While working on some of the other stuff described in Chapter I, I also tackled the brakes. I had installed all new linings just before the car was parked so they were still good. I removed, stripped and painted everything. I was able to find all new wheel cylinders from Greystone Automotive and sent the masters to Whitepost Restorations for brass sleeves and I installed new kits, also from Greystone. This is the right rear installed and waiting for the drum. As you can see, the spring and axle have not been painted. You also see a new steel hydraulic line along the axle tube. I made all new lines and fabricated some new linkages for the handbrake. The front looks a little better, with its spring and axle already finish painted.
Here is a shot of the inside of the bulkhead from the passenger's side. As you can see, the fascia (dashboard) is still in place but everything else has been removed and the whole thing has been painted the same as the outside. There will be no "telltale strange colors" peeking out to spoil the effect of originality on this car. The center floor section is still not in as it must be removed to install the gearbox. I have a new set of gearbox mounts and motor mounts from Anglia Obsolete. Actually, I got many of the body rubber parts there, including gaskets for the rear glass and the roll-out windscreen as well as the grommet which retains the fabric top insert.
The fascia is in pretty good condition although soiled. I will later take it out and clean it - I have cleaned it before so I know it will work. Then I will try to find something, possibly automotive clear coat, to protect it from future deterioration.
I have just finished overhauling and reinstalling the steering box and column at this point. In hindsight, this job would have been very much easier had I done it before installing the floor. The column goes through a hole in the bulkhead which is half in the fixed bulkhead and half in the removable floor. The top end of the column, and certainly the box at the bottom, will not fit through that hole. So I had to assemble it in place and all its ball bearings are free floating balls. Lots of grease used and more than a few words spoken here as several attempts were required. The next step was to reinstall the engine and gearbox. Meanwhile, I sent the radiator to the shop for inspection and cleaning, then reinstalled it. This is where we are for these photos.
Regrettably, some distractions at this point cost me a month or two. It became necessary to formulate the "Revised Car Show Plan": the body would not get any attention after all. I would still try to get the front wings and bonnet, everything forward of the "A" post, in primer and still finish the engine bay.
Finally, I was able to get back on it. I cleaned, serviced and reinstalled all the instruments, then replenished the fluids and corrected any leaks. Next I bled the hydraulic systems and corrected leaks. Then I again bled the hydraulics and corrected leaks. Then once again, etc. By this time, the show was almost at hand. I would have time to prep and prime only one front corner instead of both. Oh well, I selected the off side. This was the "Re-revised Car Show Plan". Here is the wing ready for re-installation. Also shown is the right side bonnet valance installed, waiting for the wing, and, finally a shot under the wing after installation. Both these pieces were stripped of any loose or weak paint, then prepped and primed with two coats of epoxy.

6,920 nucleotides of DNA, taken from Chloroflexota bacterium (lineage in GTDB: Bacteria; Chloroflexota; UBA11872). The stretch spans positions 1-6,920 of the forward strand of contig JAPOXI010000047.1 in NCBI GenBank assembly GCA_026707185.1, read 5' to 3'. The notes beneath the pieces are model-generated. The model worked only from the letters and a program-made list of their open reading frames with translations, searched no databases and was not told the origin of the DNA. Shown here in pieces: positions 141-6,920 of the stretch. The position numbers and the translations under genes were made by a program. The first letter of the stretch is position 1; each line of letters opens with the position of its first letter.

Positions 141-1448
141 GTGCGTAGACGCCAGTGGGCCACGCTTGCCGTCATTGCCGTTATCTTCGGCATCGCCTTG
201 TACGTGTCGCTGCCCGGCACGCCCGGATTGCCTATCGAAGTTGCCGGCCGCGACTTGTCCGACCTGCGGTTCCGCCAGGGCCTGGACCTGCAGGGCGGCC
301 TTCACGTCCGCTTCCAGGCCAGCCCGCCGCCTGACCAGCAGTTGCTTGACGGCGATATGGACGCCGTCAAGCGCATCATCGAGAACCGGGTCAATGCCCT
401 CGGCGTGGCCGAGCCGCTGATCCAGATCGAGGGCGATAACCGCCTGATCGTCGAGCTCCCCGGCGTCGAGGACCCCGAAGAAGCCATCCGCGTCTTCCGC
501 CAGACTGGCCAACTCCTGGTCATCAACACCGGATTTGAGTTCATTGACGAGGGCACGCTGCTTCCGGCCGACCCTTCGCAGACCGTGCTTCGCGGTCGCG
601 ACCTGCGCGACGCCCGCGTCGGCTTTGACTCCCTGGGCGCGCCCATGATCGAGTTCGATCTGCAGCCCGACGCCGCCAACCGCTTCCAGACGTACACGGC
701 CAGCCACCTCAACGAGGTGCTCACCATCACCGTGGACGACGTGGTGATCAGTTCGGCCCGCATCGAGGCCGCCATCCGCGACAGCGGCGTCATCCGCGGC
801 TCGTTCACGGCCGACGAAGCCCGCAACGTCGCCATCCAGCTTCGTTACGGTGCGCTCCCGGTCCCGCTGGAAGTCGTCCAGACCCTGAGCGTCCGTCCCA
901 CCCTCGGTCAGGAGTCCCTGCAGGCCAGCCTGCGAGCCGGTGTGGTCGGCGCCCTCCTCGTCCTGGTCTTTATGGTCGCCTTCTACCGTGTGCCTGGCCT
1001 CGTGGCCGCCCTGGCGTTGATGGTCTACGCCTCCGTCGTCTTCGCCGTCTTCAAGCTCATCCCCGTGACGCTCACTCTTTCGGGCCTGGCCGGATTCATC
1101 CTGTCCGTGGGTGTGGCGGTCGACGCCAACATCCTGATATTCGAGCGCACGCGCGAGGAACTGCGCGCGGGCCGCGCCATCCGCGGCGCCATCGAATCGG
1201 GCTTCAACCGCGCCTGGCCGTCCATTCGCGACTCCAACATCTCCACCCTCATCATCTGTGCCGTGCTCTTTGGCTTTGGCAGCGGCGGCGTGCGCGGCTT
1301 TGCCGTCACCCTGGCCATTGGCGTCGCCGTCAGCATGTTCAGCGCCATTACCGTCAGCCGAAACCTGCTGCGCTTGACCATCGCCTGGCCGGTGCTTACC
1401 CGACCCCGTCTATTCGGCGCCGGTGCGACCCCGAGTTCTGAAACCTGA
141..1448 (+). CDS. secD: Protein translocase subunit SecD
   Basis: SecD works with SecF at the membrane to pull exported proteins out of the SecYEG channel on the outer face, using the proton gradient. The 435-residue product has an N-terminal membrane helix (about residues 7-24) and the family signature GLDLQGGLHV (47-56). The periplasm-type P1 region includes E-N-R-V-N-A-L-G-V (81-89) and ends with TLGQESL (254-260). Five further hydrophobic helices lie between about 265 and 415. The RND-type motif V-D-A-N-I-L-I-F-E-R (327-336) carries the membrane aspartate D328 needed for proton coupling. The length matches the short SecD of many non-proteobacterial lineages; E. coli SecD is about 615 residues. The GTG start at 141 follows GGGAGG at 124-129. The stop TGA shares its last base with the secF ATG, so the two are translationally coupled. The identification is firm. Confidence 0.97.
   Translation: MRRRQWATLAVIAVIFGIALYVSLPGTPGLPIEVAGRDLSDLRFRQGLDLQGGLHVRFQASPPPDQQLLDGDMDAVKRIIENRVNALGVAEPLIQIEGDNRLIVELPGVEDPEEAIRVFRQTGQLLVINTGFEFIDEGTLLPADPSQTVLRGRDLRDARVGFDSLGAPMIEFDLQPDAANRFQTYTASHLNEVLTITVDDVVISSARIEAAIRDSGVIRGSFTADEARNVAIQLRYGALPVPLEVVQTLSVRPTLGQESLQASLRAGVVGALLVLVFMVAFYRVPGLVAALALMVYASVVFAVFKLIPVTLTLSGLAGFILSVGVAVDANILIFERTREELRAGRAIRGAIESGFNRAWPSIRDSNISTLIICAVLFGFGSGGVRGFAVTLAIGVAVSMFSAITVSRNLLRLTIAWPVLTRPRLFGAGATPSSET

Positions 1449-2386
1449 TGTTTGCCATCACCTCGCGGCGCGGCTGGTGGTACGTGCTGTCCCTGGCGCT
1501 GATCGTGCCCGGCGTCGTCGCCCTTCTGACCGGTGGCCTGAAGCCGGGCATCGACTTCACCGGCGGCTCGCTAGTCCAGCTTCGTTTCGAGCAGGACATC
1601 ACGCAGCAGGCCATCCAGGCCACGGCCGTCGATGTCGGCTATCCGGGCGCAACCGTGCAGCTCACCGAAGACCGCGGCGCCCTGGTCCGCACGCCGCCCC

Last fall, I had removed the front seat, rebuilt the springs, repaired the frame and repainted it, ready for reupholstery. I spent the last few evenings before the show repadding it then loosely covering it with some fabric just draped over the padding. This is how it looks now, waiting for proper upholstery. The other shot gives a better idea of the instruments and fascia.
Well here we are at the All British Car Show, May 29, 1998. Our original goal was not met; neither was our revised goal. But we did get here and under our own power. A friend had offered a trailer, "just in case", but I refused, thinking that we shouldn't go unless we could make it under our own power. It just didn't seem right.
As you can see, I got there early and was assigned the prime spot. This photo, under the trees, was shot from the entry point into the show area, where it was the first car seen by all visitors. The competition in our class was an early 90's Bentley and a Rolls-Royce Silver Cloud. Even without these, of course, I didn't expect to be judged very well due to our state of completion but one judge did apologize stating he wished there was something he could award more points for. But we did make the show in the year of the Prefect's 50th anniversary. Interestingly, it seemed like we drew more interest than any other car there. There was most of the time a small crowd of visitors, inspecting it carefully. It certainly was not the usual MG, Triumph, Healey or Jaguar. Also, about half those who looked wanted to stop and talk about it rather than just admire and go to the next car as is more typical.
Here are a couple more cars I found particularly interesting at the show. The Lotus, of course, does have the twin-cam Lotus/Ford motor.
Bye for now and thanks for reading this far. It has now been 2 weeks since the show and I am about ready to quit driving for another week or two to remove and finish (to epoxy primer) the left front. Then, after re-installation, I think I will drive it most of the summer, restoring those small items which can be done without long term down time. When the weather deteriorates, the other major projects will begin.
Thanks for reading,